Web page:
|Another 0-1 start for Dolphins despite new coach, quarterback|
|Written by Admin|
|Monday, 10 September 2007 23:14|
Same old Miami Dolphins.
Following months of turnover and housecleaning, the Dolphins' season-opening loss suggests they remain the same team that has been sputtering on offense and folding on defense for much of the past five years.
A 16-13 overtime loss at Washington didn't eliminate the Dolphins from the playoff race. But it hardly stamped them as Super Bowl contenders.
For the fourth time in five years the Dolphins are 0-1, and with the Dallas Cowboys looming in the home opener Sunday, new coach Cam Cameron confronts many of the same problems that confounded predecessors Nick Saban and Dave Wannstedt.
``There are a number of areas we can improve in,'' Cameron said Monday.
On offense, the high-powered playbook he brought from San Diego produced one touchdown. The running game was woeful, receivers dropped five passes, and back-to-back false-start penalties exemplified the ineptitude.
``Offensively, our execution is what got us,'' Cameron said. ``It starts with mental mistakes. We call them TIW's - team-inflicted wounds. The only way to score touchdowns is to be penalty-free and error-free.''
On defense, the Dolphins made two interceptions but gave up 191 yards rushing and continued a pattern of fading at the finish, allowing Washington to drive 58 yards following the overtime kickoff for the deciding field goal.
``We didn't get the job done,'' Cameron said. ``We didn't finish the game.''
There was more bad news for the defense Monday: Safety Yeremiah Bell will miss the rest of the season after tearing his left Achilles' tendon in the third quarter.
Also distressing was the performance of the newcomers counted on to provide an upgrade, starting with Cameron. He mismanaged the clock at the end of the first half, a potentially costly mistake that he overcame with a gamble on the final play, going for a touchdown - and getting it - instead of settling for a field goal.
Cameron described clock management as ``a collective effort.''
``If we don't score there,'' he said, ``then it might have been a real issue. The bottom line is you find a way to score. Sometimes it's not always pretty.''
Also questioned was Cameron's decision to limit the workload for $32 million free-agent acquisition Joey Porter. The move left the linebacker frustrated as he watched much of Washington's winning drive from sideline.
``I feel like you ought to have your best players on the field at all times,'' Porter said.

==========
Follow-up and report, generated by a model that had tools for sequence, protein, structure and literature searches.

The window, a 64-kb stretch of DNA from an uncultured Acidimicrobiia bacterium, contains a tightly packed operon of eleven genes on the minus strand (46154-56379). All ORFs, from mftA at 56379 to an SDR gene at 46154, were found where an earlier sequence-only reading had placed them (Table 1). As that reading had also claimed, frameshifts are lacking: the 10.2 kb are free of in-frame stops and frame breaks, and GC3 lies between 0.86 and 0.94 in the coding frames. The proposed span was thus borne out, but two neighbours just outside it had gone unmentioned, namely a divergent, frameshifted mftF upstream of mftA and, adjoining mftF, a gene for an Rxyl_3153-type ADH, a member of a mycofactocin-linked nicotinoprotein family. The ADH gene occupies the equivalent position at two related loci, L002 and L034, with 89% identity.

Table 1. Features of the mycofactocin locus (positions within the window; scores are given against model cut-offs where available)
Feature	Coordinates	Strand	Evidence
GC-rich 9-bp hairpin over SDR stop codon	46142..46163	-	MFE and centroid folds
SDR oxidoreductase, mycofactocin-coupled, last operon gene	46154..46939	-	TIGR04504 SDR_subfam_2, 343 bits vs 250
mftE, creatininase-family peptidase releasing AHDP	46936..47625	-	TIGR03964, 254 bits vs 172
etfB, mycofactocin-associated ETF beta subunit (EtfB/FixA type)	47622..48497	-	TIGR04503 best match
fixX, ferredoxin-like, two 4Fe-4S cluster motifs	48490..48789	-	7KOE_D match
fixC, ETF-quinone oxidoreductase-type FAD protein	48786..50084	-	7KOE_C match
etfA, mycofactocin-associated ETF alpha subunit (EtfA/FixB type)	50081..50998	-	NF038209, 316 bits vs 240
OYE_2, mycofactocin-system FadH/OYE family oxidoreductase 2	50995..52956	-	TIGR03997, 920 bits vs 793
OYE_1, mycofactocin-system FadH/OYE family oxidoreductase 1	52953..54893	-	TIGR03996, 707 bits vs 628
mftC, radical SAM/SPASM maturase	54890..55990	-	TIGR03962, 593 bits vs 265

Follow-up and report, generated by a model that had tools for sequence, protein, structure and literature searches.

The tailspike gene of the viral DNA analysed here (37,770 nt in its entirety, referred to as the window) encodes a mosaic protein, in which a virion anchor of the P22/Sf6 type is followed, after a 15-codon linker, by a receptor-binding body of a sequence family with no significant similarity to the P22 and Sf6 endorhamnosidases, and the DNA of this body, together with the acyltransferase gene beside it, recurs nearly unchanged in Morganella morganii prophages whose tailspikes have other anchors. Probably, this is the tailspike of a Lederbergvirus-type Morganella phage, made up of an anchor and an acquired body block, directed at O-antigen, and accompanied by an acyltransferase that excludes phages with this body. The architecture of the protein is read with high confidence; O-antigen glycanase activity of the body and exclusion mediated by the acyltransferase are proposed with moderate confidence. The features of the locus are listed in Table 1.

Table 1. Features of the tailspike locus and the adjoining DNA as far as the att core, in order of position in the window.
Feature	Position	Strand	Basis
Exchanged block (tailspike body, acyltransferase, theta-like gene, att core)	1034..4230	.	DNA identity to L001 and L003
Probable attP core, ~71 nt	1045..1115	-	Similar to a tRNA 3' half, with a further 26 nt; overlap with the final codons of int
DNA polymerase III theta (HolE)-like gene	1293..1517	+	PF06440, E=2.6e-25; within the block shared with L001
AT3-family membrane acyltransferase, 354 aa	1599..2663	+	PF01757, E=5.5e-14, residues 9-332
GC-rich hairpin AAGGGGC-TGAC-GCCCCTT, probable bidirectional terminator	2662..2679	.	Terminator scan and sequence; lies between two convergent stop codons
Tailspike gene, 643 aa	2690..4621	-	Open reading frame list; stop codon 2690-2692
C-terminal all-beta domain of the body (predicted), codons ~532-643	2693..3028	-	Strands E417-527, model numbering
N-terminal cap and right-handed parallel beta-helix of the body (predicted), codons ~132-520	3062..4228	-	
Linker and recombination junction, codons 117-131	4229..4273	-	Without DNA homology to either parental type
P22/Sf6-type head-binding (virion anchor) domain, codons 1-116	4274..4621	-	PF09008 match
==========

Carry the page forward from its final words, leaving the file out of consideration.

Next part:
Because Porter missed all four exhibition games recovering from arthroscopic knee surgery, the Dolphins decided to use him only in certain packages, Cameron said. In overtime, with Miami expecting Washington to throw, Porter wasn't on the field much.
``The plan was sound,'' Cameron said. ``It didn't work the way we wanted it to.''
Porter finished with only three tackles, although two were for losses.
New running back Jesse Chatman shared time with starter Ronnie Brown and totaled 15 yards in seven carries. Brown was only slightly better, with 32 yards in 11 carries.
``I'm going to put it on me and Ronnie,'' Chatman said. ``There's nowhere else to go but up.''
New tight end David Martin made only one catch and dropped a third-down pass with the score tied in the fourth quarter.
``You've got to catch the ball on third down,'' Cameron said.
A rookie class touted as the Dolphins' best in years made little impact. Top draft pick Ted Ginn Jr. didn't catch a pass and failed to break a long gain on seven returns. A punt by rookie Brandon Fields barely got off the ground, and third-round pick Lorenzo Booker wasn't even active.
New quarterback Trent Green played well for most of the game, but he rarely threw downfield, and his final pass should have been intercepted to give the Redskins the victory in regulation.
Instead, the decisive field goal came six minutes later. In the wake of his first defeat as an NFL head coach, Cameron said his message to the team was to quickly put the game in the past.
``You'd better move on,'' he said, ``because you're always staring at another good team.''
This week it's the Cowboys, who opened the season Sunday with a 45-35 win over the New York Giants.